Secure Cloud RADIUS with IAM

Identity access management is a fundamental concept in wireless security. Here's how to implement it.

Identity Access Management (IAM or IdAM), also sometimes called Identity Management (IdM), is a vital part of securing a wireless network. As organizations and data continue to migrate to the cloud, IAM becomes even more relevant as security by proxy is no longer sufficient in a wireless world.

Fortunately, there are a number of solutions for implementing IAM principles that automate the complex parts of identity management. This article will describe the importance of IAM, cover some common implementations, and detail some best practices for IAM on your network.

What is IAM?

Identity access management is an umbrella term that covers a variety of frameworks, policies, technologies, and standards. The underlying goal is to ensure that only the correct people have access to network resources, and that those people are limited to only the resources they need. IAM has a degree of overlap with Zero Trust on this principle.

To accomplish that goal, users are identified, authorized, and authenticated to those resources via various methods (like RADIUS). Importantly, machines and applications also need to undergo similar vetting before being allowed to interface with a network.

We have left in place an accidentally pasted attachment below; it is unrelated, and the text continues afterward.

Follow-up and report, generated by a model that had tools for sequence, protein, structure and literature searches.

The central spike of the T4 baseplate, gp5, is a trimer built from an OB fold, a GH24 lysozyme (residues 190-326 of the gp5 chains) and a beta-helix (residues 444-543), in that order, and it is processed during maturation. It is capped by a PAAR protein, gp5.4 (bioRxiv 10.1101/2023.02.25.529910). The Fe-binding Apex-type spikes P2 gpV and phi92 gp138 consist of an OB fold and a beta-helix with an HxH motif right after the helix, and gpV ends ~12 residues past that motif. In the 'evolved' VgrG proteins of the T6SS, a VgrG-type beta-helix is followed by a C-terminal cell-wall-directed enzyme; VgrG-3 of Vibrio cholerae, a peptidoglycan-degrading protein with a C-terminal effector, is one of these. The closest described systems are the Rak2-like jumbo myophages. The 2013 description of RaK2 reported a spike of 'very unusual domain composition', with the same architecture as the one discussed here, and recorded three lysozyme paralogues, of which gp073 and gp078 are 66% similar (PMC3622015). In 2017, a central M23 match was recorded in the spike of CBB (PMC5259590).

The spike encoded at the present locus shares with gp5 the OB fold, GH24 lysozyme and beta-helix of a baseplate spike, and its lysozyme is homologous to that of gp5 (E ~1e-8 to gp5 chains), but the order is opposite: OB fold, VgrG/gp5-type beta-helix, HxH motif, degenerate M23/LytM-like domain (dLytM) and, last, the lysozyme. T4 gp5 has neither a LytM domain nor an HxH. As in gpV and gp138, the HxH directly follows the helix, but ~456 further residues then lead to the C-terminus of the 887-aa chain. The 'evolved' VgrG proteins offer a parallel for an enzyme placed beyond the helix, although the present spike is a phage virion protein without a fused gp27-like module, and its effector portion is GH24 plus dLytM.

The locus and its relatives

List of Identity Access Management Protocols

There are quite a few protocols relevant to IAM, many of which you have likely seen in the field already. Here are the important IAM protocols with a brief description:

  • The quintessential AAA (Accounting, Authorization, Authentication) server, RADIUS has been used to protect 802.1X networks for decades now; it’s the foundation for much of the world’s wired and wireless network security. 
  • The Security Assertion Markup Language protocol is usually used in conjunction with Single Sign-On (SSO) to enable users to use one set of credentials to authenticate to multiple programs. It’s useful for quickly switching between multiple cloud-based applications without needing to reauthenticate each time.
  • Lightweight Directory Access Protocol is a ubiquitous open-source protocol most commonly seen in Active Directory environments managing directory access for the RADIUS. It’s a useful tool for more dynamic authorization, but it is mostly limited to on-premise environments.